Five ways the Edara Method is different from your average music course

What is this method then? What does it mean? Where does it come from? Who came up with it? Why was it created? How does it work? Who is it for?

Over the course of the next months we will try to slowly answer these questions in a series of concise and non technical articles. But before we get started, we thought it’d be good to first give a quick overview of the main differences between an Edara lesson and an average music lesson, to give the people who are unfamiliar with the method a rough idea of what it’s like.

  1. We make real music from day one

From the first day at the Edara method you make real music, that is, music that you’d actually hear outside of a classroom, music you’d listen to yourself for reasons other than being dragged into a school concert. This is different from some music courses which start with ‘beginner’s music’, exercises, studies, scales and the like. They have their reasons, which may be valid up to a point, but it does mean that for a while, some music students are not making the kind of music they knew outside the classroom. We try to avoid this. Of course, we start with simple parts, but they fit into full arrangements that are to be played by students of all levels and teachers during musical performances.

  1. We learn music without instruments and very soon after we play it on many instruments

We learn without instruments, so we have one general way of hearing music that we can then use to play any instrument, or in many instruments for that matter. This is not an instrumental class, but we do give some basic instrumental skills (keyboards, guitars, drums…) which enable students to play many instruments in our ensemble performances. The fact that we learn music off instruments makes it easier to switch around, and it also allows for anyone to bring their own instrument.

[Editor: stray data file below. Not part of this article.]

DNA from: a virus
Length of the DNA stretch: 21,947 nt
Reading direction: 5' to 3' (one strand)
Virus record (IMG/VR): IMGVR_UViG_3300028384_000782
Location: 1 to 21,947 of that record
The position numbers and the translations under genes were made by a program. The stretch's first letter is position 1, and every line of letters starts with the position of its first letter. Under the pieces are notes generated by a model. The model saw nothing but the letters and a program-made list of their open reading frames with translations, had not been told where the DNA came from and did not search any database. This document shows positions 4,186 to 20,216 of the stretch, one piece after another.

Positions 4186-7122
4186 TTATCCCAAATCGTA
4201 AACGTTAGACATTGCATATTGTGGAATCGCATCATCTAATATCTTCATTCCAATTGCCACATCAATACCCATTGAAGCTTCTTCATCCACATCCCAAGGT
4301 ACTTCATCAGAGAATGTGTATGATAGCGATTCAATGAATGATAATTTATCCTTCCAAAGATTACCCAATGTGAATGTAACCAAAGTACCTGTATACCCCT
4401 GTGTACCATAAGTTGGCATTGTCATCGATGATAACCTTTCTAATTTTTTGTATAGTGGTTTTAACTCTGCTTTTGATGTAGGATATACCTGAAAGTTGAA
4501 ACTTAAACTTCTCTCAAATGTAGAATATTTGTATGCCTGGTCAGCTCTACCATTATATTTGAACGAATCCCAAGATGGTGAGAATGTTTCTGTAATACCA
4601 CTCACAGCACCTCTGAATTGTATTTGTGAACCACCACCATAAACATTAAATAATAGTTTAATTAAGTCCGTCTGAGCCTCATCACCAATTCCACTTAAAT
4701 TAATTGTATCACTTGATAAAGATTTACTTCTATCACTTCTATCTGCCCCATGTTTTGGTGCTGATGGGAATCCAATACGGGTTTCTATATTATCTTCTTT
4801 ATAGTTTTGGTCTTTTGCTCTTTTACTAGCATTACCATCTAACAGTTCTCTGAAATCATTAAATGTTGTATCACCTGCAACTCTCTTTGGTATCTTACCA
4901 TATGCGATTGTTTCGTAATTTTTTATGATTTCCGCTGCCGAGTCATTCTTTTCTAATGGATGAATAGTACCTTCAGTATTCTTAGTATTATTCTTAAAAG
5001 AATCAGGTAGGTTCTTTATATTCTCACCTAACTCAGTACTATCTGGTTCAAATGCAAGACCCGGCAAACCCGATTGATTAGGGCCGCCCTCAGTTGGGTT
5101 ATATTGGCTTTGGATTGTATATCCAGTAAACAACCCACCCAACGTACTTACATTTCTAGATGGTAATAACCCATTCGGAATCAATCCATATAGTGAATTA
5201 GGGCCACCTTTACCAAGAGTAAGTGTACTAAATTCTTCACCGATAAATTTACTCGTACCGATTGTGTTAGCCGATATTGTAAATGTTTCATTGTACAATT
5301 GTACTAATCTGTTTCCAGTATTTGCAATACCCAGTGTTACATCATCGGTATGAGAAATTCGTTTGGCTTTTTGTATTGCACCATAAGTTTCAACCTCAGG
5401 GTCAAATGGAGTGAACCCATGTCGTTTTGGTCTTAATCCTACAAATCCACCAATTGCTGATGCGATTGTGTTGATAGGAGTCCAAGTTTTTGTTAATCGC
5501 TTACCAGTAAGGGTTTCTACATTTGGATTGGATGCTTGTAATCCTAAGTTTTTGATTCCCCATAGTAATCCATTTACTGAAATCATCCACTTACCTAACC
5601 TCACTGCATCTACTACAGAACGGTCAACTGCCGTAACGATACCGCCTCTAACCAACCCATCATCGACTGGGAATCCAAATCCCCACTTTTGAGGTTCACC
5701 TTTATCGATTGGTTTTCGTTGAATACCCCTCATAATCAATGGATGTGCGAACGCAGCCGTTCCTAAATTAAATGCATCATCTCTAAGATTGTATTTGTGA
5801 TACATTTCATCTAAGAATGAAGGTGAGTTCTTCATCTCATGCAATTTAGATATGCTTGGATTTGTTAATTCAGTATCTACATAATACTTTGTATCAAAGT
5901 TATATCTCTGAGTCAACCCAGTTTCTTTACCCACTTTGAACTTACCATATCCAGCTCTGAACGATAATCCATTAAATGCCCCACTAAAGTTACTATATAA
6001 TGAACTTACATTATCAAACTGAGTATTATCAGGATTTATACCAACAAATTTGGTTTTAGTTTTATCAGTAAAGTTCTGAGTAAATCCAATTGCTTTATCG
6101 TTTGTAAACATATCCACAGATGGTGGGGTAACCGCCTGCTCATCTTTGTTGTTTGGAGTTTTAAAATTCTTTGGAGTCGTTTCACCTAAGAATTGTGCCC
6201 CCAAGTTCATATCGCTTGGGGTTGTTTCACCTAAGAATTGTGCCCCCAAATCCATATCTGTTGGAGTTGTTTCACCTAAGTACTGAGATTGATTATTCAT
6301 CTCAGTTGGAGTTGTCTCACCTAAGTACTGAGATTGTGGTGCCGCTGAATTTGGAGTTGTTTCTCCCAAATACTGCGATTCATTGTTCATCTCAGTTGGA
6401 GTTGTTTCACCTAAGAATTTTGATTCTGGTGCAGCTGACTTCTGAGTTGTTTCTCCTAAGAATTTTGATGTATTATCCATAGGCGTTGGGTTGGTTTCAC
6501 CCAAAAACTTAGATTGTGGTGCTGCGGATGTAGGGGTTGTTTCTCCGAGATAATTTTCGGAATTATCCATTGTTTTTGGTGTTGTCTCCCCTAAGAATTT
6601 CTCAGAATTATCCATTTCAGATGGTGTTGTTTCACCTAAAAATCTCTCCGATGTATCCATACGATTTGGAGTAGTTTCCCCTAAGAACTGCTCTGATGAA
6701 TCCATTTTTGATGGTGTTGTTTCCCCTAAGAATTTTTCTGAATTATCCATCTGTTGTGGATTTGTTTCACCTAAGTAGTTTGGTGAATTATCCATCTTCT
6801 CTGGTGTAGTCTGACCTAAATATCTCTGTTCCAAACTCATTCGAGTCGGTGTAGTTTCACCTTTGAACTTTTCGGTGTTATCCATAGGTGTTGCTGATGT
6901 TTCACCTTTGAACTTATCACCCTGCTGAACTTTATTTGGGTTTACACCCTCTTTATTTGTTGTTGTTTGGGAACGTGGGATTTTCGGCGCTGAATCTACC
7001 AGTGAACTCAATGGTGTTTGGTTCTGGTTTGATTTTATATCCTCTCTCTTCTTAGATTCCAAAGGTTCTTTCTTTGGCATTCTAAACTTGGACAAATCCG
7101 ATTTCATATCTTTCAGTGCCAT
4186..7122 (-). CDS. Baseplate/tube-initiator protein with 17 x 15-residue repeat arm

This is again different from what you find in your average music course. You can have an instrumental lesson where you learn everything on one and only one instrument, or you can have a theory lesson where you do not touch any instruments at all.

  1. We learn music with the whole body

Even without instruments, we human beings have a lot of tools for learning music. We can make sounds by singing, speaking or hitting things. We can use our voice, our hands and our legs. We can make gestures such as hand signs or conducting. We can move around. We can write in words or in symbols.

The average music lesson only uses a few of these abilities, all too often focusing solely on written notation and passive listening. People rarely move up from their sits. They rely on instruments rather than their voice, and they do not often ‘speak the music’ or ‘sign the music’. At the Edara method we use all of these ‘body tools’, trying to make music learning as active and student-based as possible.

  1. We welcome mistakes

There are music lessons that are strict and do not allow you to make mistakes, and there are others that are lax, where you can make things up, where there are no such things as mistakes. Normally, you have to choose one or the other kind of lesson, but we try to mix the two. With us there are definitely such things as mistakes, but instead of repressing them we want students to make them, because they are an integral, almost necessary part of the learning process. We encourage students to make mistakes without fear, knowing that their will to play good music is enough motivation to use the mistakes constructively.

Learning in group sessions makes this matter easier, because it takes the burden away from individuals to be constantly perfect, and musical activities can carry on as everyone makes occasional mistakes (including teachers!). The fact that we make rhythm a high priority also helps, because it allows us to stay together when things go slightly wrong, and thus we avoid the chaos that would ensue otherwise.

  1. We learn theory last

Again, you normally have to choose between two kinds of lessons, as far as music theory is concerned. Either you have a theory-free lesson, a practical lesson where you play music by ear, or you have a theory-first lesson, which starts by introducing some theoretical notions, often on paper, in the visual dimension, and then this theory is applied into the world of sound, by reading a score, for instance. Along the way there is no shortage of symbols, conventions and codes that have to be deciphered, as conventional music notation is very archaic and complicated. Thus a music theory lesson often ends up looking like a maths lesson.